Cellular Biology


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The term 'photosynthesis' is taught simply to young children as something that happens in a plant when there is sunshine that makes energy. As children progress through their school years, you can see their intellectual progress just by asking, "What is photosynthesis?" Their answers will undoubtedly grow more complex with each passing year.


So what IS photosynthesis? Campbell Reece Biology 5th Edition defines it as the conversion of light energy to chemical energy that is stored in glucose or other organic compounds, and this process occurs in plants, algae, and certain prokaryotes. The generic formula for photo synthesis is:

Carbon dioxide + Water + Light -> Glucose + Oxygen + Water


To understand the process of photosynthesis, you must first understand the structure where photosynthesis takes place: the leaf. A leaf is composed of several layers, the first being the cuticle, a wax layer on the surface that prevents UV damage and excess water uptake and loss. Next is the upper epidermis, a layer of cells that seal off the top layer and are thin enough to allow light through to the next layer, the palisade mesophyll. The palisade mesophyll is contains numerous chloroplasts, double membrane organelles that are the sites of photosynthesis. Chloroplasts are composed of an outer and inner membrane, and within the inner membrane are numerous membranous sacs called thylakoids, arranged in stacks collectively called grana. Thus, to be specific, photosynthesis occurs in the plant's leaf's palisade mesophyll's chloroplasts' thylakoid's membrane! Below the palisade mesophyll is another layer called the spongey mesophyll. The spaces between cells in this layer allows for gas exchanges to occur. Gases leave the leaf through the last layer, the lower epidermis. The lower epidermis is equipped with special structures called stomata, which open when water content in the cells are high, allowing gases to diffuse out.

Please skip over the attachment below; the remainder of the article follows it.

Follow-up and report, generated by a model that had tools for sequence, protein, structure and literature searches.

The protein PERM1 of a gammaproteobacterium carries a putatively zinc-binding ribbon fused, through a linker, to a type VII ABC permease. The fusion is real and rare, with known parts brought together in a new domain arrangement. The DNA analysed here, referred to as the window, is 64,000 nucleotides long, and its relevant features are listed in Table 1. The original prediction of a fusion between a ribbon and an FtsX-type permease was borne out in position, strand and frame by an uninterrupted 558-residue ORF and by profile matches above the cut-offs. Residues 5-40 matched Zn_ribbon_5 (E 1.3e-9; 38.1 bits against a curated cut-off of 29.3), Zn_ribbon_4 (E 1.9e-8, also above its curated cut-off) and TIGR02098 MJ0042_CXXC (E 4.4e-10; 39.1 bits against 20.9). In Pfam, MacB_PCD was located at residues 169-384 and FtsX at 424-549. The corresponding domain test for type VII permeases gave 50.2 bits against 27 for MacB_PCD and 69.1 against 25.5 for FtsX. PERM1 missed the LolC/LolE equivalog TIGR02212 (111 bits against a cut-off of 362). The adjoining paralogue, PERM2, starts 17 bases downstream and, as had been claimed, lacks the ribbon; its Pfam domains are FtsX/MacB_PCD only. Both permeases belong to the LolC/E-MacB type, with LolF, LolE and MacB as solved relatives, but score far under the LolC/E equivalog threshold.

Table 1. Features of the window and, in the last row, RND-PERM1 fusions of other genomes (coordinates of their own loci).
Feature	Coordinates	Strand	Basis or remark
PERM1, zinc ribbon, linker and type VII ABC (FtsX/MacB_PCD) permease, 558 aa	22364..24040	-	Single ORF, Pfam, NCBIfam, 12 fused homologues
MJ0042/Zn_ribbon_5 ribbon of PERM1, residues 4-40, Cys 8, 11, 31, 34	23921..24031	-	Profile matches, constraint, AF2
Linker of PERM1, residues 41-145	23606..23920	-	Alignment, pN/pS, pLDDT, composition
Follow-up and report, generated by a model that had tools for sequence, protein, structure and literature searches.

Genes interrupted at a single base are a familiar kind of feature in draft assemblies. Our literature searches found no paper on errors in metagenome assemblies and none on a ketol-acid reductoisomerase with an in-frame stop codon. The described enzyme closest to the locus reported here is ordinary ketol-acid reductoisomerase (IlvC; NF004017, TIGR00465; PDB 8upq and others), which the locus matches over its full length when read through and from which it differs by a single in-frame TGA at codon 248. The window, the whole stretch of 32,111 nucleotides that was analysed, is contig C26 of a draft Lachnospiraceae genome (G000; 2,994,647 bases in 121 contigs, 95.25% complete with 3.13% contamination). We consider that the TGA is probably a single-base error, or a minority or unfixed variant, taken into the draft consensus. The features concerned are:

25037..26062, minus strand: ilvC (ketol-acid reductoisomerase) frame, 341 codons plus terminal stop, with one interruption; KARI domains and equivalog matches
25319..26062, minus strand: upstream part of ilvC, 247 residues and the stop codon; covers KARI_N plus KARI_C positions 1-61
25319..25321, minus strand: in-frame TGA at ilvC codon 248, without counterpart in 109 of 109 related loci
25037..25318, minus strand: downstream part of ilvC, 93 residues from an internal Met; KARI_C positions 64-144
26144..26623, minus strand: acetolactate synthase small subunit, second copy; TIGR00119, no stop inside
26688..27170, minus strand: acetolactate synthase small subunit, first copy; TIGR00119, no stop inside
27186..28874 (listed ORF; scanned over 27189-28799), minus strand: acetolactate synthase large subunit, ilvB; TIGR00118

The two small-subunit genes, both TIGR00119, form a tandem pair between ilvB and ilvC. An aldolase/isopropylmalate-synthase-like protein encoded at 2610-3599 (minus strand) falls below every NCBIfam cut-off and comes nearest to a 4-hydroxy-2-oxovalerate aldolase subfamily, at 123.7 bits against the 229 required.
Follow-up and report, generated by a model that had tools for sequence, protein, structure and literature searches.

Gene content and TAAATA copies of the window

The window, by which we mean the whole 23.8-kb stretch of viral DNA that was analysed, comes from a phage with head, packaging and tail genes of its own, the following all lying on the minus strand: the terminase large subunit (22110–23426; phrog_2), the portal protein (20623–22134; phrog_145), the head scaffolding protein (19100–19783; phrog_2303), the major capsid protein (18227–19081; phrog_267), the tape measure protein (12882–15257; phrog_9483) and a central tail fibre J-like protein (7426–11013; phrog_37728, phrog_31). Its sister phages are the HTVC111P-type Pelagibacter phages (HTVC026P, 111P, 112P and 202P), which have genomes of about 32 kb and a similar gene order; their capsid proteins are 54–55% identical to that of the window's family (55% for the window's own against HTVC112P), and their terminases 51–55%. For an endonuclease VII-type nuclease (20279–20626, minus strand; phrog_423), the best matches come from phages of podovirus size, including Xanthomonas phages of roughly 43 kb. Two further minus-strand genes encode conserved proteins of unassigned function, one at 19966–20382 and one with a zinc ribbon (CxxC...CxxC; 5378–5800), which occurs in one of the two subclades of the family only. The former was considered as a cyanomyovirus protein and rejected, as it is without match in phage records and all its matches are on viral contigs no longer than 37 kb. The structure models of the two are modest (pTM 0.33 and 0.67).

Photosynthesis is divided into 2 parts: light dependent and light independent reactions.


When a photon of light strikes the light gathering antenna complex of the light dependent reactions' photosystem II, an electron is excited to a higher energy level. This electron came from the chlorophyll A molecule and is then captured by the electron acceptor. Chlorophyll A, now lacking one electron, has become a strong oxidizing agent. An enzyme removes an electron from water within the cell and gives it to chlorophyll a. This causes water to split into 2 hydrogen atoms and oxygenm which is released as the air we breath. Meanwhile, the photoexcited electron passes down a chain of electron carriers plastoquinone, cytochrome complex. and plastocyanin. This process causes a release of energy that is harnessed by the thylakoid membrane to make ATP; the energy is used to pump H+ ions into the thylakoid space, and when these ions diffuse back out, they pass through ATP synthase.

The original photoexcited electron fills an electron "hole" in another pigment, chlorophyll b. It is then driven to another electron acceptor, passed on to another carrier, and is transferred to NADP+ to make NADPH and H+.

So at the end of the light dependent reactions, the products made are 1 molecule of ATP and 1 NADPH and H+


In this second part of photosynthesis, an enzyme called ribulose bisphosphate carboxylase (RuBisCo) catalyzes a reaction between atmospheric CO2 and ribulose bisphosphate, creating the molecule 3-phosphoglycerate. ATP is invested, making 1,3-bisphosphoglycerate. NADPH and H+ reduce this molecule to make G3P. G3P is analogous to a Lego building block; the cell can use it to assemble simple sugars, lipids, polysaccharides, or amino acids. G3P also continues in the Calvin Cycle; ATP is invested, changing it to ribulose bisphosphate and the entire cycle turns again.

OVERALL, to make one glucose molecule, it requires:

6 turns of the Calvin Cycle

18 ATP molecules

12 NADPH + H+

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